So let's take a look at what goes in your gray bin, otherwise known as your trash bin, and the alternatives that are also available.

The city and county of Honolulu says all other general household rubbish — the non-recyclable trash that doesn't go in  your blue and green bins — goes in your gray bin.

What goes in your gray bin: Plastic bags, plastics No. 3-7, Styrofoam, telephone books, junk mail, magazines, cereal boxes, tissue boxes, paper plates, napkins, ceramics, dishes and glassware.

Now the city wants you to BAG YOUR TRASH, unlike the items in the blue and green bins, which it wants LOOSE.

Here are some recycling options for those items, though they won't necessarily be convenient (no curbside pickup).

>> Plastic bags can be recycled, though most people I know like to reuse them as liners for wastebaskets, dog poop and the like. However, if you want to recycle them, supermarkets like Safeway have a collection bin outside their stores.

>> Magazines, phonebooks, brochures and catalogs can also be recycled at Hagadone Printing, by dropping these off at its Kalihi headquarters. 274 Puuhale Rd. from 8 a.m. to 5 p.m. weekdays and 8 a.m. to noon on second Saturdays. However, there's a limit of five phonebooks per household. If you don't live near town, this could really be out of your way, but still, it's an option. (Look for a blog post on this in the near future).

>> Plastic bottle caps. There have been past efforts to try to recycle bottle caps, without much luck. However, the Kokua Hawaii Foundation is collecting caps this year as part of its Hawai‘i School Bottle Cap Collection Challenge. Schools have until March 31 to collect caps and can win a special performance by Jack Johnson.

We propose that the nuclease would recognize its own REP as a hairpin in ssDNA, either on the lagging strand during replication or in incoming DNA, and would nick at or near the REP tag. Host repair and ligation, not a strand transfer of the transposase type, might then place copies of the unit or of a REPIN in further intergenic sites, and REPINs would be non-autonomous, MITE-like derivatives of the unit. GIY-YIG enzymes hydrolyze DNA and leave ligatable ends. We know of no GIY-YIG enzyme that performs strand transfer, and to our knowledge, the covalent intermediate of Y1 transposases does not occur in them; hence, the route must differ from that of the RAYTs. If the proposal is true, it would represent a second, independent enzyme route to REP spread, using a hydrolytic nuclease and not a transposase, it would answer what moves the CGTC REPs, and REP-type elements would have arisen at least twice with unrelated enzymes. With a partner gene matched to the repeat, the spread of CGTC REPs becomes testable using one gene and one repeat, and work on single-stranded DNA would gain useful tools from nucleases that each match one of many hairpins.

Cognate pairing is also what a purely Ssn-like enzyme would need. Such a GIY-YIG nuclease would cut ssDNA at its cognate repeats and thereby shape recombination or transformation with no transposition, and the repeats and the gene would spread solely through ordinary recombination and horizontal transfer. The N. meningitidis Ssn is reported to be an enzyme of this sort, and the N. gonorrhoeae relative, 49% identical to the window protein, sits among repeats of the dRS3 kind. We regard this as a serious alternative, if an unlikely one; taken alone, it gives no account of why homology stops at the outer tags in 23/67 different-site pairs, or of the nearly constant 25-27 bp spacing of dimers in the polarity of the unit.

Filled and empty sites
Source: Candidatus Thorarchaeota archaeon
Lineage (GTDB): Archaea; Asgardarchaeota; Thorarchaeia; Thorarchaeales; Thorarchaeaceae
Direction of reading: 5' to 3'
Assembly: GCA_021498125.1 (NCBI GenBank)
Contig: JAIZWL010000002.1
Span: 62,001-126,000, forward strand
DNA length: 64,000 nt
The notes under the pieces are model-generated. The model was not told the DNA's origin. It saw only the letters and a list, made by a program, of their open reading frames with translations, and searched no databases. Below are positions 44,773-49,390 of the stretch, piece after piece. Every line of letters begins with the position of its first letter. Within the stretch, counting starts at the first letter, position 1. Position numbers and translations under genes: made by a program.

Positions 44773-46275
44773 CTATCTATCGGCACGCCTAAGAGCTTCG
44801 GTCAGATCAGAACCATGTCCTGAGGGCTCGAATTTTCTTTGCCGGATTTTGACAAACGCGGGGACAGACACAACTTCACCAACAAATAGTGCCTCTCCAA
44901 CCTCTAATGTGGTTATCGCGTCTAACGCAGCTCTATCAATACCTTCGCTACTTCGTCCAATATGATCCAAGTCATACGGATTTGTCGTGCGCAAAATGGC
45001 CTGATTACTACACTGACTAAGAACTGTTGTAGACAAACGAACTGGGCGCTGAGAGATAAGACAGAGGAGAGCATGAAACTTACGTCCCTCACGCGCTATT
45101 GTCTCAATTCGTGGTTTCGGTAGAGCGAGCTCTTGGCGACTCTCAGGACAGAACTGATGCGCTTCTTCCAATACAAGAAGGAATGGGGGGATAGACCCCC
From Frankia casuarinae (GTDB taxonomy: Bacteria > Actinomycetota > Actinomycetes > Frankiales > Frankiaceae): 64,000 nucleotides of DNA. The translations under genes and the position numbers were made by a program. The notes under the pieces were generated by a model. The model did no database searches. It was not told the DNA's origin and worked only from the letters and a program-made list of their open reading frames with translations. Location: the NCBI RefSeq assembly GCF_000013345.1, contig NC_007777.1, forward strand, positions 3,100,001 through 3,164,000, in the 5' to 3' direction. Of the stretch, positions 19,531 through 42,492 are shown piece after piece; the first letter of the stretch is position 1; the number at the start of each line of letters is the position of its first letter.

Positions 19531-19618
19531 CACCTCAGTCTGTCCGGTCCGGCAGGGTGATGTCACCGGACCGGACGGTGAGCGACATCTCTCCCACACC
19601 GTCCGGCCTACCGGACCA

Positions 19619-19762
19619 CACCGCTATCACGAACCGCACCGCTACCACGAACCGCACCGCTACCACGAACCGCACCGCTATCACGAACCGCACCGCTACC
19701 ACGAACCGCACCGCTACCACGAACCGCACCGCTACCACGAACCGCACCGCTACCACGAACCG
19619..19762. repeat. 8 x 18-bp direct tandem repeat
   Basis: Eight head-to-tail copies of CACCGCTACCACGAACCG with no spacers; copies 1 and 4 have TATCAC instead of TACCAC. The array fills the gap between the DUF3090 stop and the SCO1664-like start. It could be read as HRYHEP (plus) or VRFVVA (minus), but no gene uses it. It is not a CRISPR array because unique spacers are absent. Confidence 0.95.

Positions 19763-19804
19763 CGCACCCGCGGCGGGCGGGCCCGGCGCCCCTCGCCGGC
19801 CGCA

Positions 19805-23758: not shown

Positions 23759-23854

>> e-Waste. Also, if you have electronic waste, Pacific Corporate Solutions offers free e-waste events. They will be picking up e-waste from 8 a.m. to 3 p.m. Saturday, March 1 at 1564 N. King St., Saturday, March 15 at Kaimuki High School. Also, Saturday, March 15 at Koko Marina Center. Computers, monitors, laptops, printers, fafx machines and telecom equipment (all brands) accepted. No TVs or microwave ovens.

>> Sneakers. Also, the last I checked, the Converse Outlet at Waikele Premium Outlets was accepting sneakers of all kinds for recycling. Niketown Waikiki (now closed) used to accept them. Once again, depending where you live, this could be out of your way, but good to know.

So now you know what goes in each bin. As always, reduce comes before reuse and recycle (the 3 Rs. of recycling). And not all environmentalists are gung-ho about H-POWER because it releases carbon emissions into the air.

Sign  up for the city's wasteline e-newsletter if you want to be one of the first to learn about the new dates for Tour de Trash this year. There are also cute educational tools, like an Opala IQ book, this "Where Do Things Go?" web game and a whole series of recycling songs (listen to them all here) by artists like Henry Kapono, Jack Johnson and the Lava Jam Band.

By the way, if you're not sure what your collection schedule is, you can find it by entering your zip code at this link.

The green bin

By
February 25th, 2014



So let's talk about the green bin.

Oahu residents are doing pretty well when it comes to putting yard waste in the green bin, with a capture rate of 77 percent, which reflects higher participation and recovery levels, according to a 2011 city report.

What goes in the green bin: Yard trimmings, leaves, grass clippings and Christmas trees (chopped up). The yard trimmings should go into the green bin LOOSE, meaning no plastic bags here, either, because plastic is not compostable.